Additional recommended resources

Start by reading and following these instructions:

  1. Quickly skim the questions or assignment below and the assignment rubric to help you focus.
  2. Read the required chapter(s) of the textbook and any additional recommended resources. Some answers may require you to do additional research on the Internet or in other reference sources. Choose your sources carefully.
  3. Consider the discussions and any insights gained from them.
  4. Create your Assignment submission and be sure to cite your sources, use APA style as required, check your spelling.

Answer these essay questions:

  1. Consider a business in your neighborhood that you frequent and that you believe is particularly innovative in spite of the products or services themselves not being particularly high-tech. Using the definitions and notions from the text, explain what it is about the business and its operation that you believe makes it innovative?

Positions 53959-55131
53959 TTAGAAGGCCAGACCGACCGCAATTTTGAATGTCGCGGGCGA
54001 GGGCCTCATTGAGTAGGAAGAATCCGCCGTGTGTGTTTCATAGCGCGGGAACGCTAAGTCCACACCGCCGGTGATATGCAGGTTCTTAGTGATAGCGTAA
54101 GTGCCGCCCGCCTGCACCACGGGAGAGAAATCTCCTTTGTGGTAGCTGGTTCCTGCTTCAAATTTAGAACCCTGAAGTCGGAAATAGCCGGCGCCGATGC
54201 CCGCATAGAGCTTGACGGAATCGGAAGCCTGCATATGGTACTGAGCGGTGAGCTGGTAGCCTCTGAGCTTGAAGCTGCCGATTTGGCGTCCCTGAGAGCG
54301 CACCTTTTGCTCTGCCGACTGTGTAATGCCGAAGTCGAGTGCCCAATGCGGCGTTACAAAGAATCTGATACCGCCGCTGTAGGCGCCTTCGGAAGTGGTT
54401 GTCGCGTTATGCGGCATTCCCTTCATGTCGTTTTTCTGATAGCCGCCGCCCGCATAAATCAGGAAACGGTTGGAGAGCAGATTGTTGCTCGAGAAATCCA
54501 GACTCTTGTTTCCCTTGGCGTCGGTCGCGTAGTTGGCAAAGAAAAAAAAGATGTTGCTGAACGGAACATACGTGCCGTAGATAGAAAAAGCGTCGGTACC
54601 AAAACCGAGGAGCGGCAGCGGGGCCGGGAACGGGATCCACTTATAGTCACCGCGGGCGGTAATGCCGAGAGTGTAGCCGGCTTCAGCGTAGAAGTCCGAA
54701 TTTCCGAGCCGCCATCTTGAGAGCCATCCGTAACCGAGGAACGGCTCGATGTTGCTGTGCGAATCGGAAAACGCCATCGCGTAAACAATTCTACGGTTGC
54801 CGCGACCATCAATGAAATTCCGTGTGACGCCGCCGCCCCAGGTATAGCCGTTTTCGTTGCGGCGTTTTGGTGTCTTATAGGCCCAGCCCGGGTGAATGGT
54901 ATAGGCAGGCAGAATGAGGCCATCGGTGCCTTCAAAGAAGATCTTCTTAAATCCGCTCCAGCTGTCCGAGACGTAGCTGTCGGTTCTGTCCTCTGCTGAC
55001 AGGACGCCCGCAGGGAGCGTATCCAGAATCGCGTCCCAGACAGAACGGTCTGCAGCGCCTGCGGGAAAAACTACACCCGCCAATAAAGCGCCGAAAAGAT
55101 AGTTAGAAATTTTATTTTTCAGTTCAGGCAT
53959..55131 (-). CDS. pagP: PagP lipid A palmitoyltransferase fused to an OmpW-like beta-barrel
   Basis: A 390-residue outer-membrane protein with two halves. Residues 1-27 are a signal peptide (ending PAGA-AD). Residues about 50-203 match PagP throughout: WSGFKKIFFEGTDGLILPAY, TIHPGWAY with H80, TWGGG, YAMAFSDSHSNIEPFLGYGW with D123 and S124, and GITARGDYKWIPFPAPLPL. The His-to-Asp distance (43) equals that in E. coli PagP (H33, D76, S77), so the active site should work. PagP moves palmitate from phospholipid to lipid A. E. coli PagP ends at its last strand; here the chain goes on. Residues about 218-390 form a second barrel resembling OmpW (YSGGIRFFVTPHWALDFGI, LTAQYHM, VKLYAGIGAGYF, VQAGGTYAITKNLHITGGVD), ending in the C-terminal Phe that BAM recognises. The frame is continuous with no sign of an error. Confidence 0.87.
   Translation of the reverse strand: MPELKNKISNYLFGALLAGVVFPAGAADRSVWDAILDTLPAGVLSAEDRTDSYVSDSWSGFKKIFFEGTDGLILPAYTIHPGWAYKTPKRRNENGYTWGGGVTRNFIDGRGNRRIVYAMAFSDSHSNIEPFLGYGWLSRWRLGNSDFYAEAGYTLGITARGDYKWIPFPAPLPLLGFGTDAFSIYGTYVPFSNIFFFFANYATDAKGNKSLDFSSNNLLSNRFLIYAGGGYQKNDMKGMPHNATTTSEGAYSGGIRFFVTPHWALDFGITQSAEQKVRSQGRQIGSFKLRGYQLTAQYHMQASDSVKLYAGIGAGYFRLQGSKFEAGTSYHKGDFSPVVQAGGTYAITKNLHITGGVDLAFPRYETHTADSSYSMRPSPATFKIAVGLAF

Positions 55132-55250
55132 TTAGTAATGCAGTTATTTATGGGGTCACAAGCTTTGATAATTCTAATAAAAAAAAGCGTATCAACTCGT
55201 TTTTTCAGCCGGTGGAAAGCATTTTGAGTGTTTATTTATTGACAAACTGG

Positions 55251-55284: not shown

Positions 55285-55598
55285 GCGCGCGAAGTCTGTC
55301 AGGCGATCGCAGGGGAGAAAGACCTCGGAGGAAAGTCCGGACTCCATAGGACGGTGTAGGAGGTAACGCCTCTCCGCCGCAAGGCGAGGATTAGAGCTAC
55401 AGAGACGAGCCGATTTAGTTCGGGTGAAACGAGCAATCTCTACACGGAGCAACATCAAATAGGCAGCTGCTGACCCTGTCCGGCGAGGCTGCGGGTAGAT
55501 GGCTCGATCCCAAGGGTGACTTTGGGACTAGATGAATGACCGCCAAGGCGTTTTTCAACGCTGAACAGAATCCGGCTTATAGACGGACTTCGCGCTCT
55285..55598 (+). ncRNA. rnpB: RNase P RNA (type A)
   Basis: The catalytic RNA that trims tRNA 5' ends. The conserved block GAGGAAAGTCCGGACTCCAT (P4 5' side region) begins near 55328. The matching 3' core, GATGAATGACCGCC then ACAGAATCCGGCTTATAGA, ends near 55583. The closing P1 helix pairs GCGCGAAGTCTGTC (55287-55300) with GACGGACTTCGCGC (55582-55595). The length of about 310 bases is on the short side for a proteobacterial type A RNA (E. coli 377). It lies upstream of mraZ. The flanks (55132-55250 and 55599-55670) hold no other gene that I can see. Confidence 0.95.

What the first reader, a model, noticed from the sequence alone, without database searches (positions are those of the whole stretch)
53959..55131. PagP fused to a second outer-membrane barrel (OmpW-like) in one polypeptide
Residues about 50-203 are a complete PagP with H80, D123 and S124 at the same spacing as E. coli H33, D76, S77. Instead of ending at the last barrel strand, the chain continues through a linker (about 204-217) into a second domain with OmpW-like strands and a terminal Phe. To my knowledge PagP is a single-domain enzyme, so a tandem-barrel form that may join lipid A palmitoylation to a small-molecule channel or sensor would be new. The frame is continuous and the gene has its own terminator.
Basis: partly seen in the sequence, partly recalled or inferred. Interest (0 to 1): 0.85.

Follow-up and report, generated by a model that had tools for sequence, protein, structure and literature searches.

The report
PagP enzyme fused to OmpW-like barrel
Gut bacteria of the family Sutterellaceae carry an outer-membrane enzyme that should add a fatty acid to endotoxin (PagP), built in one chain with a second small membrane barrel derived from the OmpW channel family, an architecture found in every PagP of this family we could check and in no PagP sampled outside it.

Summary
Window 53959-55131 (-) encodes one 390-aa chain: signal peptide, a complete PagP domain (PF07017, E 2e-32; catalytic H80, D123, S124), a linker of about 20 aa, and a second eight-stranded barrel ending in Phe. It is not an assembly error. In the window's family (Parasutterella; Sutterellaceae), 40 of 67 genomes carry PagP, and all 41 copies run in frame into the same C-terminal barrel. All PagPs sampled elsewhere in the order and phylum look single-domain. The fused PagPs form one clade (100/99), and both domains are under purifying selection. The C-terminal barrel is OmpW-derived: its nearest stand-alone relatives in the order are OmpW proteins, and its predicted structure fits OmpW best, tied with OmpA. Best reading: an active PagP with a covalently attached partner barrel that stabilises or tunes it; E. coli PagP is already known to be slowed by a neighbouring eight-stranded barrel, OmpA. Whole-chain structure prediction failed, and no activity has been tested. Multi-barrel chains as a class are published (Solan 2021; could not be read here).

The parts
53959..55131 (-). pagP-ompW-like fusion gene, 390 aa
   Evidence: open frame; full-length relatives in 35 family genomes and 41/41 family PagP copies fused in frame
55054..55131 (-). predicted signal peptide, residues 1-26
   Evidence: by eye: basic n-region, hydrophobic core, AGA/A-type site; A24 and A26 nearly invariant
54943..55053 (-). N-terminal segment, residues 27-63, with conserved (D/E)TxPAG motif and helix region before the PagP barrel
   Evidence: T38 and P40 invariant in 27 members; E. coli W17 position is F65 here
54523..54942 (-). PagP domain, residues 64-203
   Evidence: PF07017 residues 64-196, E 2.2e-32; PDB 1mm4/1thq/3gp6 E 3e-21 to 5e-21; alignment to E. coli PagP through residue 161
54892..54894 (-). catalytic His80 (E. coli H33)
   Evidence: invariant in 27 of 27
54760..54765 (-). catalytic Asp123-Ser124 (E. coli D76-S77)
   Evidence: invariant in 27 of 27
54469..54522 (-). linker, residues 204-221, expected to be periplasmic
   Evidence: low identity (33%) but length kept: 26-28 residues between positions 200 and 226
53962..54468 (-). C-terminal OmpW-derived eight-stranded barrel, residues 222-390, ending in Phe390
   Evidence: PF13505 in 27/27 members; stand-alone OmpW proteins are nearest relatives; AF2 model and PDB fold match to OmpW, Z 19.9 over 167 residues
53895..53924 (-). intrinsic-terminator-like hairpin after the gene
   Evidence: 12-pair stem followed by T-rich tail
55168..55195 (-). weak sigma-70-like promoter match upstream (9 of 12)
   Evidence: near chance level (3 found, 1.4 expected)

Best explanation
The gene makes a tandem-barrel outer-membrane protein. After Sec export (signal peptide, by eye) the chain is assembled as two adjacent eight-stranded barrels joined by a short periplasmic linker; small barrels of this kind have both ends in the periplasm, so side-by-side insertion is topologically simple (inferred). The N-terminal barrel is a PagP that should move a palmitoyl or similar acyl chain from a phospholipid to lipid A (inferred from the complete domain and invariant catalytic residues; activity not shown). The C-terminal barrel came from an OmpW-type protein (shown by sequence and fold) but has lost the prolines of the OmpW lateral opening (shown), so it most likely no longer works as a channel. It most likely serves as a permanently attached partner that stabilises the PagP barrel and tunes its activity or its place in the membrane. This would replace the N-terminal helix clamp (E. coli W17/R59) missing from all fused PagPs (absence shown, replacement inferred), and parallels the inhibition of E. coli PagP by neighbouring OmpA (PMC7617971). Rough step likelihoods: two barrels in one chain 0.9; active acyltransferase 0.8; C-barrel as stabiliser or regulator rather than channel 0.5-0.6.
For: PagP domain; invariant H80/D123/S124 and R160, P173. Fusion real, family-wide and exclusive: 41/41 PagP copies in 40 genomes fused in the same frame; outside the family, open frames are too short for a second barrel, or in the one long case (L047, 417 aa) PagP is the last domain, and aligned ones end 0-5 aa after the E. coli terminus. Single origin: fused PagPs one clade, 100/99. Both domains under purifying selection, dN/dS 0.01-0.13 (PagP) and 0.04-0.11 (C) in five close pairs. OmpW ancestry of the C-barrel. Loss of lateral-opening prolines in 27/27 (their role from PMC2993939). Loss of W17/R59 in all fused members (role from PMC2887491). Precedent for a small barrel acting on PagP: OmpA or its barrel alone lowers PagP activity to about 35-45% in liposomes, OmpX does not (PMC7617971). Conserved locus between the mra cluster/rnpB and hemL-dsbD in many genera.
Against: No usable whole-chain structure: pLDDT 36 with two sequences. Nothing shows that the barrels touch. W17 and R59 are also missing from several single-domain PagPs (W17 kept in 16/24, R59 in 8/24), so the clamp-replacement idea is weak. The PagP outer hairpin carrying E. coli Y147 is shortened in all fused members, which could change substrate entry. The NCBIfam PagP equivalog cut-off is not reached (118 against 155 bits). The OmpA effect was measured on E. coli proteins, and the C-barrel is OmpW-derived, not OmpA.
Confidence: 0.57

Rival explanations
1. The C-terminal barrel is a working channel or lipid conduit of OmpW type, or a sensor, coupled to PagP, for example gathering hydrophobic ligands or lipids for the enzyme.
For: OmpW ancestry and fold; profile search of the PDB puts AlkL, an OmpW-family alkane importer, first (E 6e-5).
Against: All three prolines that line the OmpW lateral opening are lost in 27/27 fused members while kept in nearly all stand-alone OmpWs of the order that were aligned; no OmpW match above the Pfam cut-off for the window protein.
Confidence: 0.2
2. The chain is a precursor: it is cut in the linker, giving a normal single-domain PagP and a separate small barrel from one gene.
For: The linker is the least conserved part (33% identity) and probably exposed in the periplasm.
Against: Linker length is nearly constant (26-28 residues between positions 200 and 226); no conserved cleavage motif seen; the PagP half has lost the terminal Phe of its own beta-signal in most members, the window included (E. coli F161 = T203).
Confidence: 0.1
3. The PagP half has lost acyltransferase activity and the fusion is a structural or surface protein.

2. Some argue that becoming too large is the root of the end of innovation. Many point to companies such as Microsoft, where the assertion is that the only real innovation that has happened in recent years has been through acquisition. Attack or defend the notion that getting too large usually stifles or kills innovation. Explain your answer using real businesses, and support your answer with recent articles, Web pages, or book citations.
  3. Carnegie Mellon University’s Software Engineering Institute studies more than just software engineering. Its research into technology adoption and how to improve upon it is worthy of special note. The IDEAL model is an example of work that has broad implications far beyond software and system engineering. Compare and contrast the IDEAL model with the various models from the textbook. Focus on one aspect of the IDEAL model that you believe is particularly important, and explain why businesses trying to implement change should not ignore this aspect.
  4. Dealing with resistance is an important part of any major change effort. It is common for one or more employees with excellent work history and great reputations to be rather vocal in their resistance to a change. Why might it be a mistake to ignore the resistance, or to sanction the resisters, in order to remove their resistance?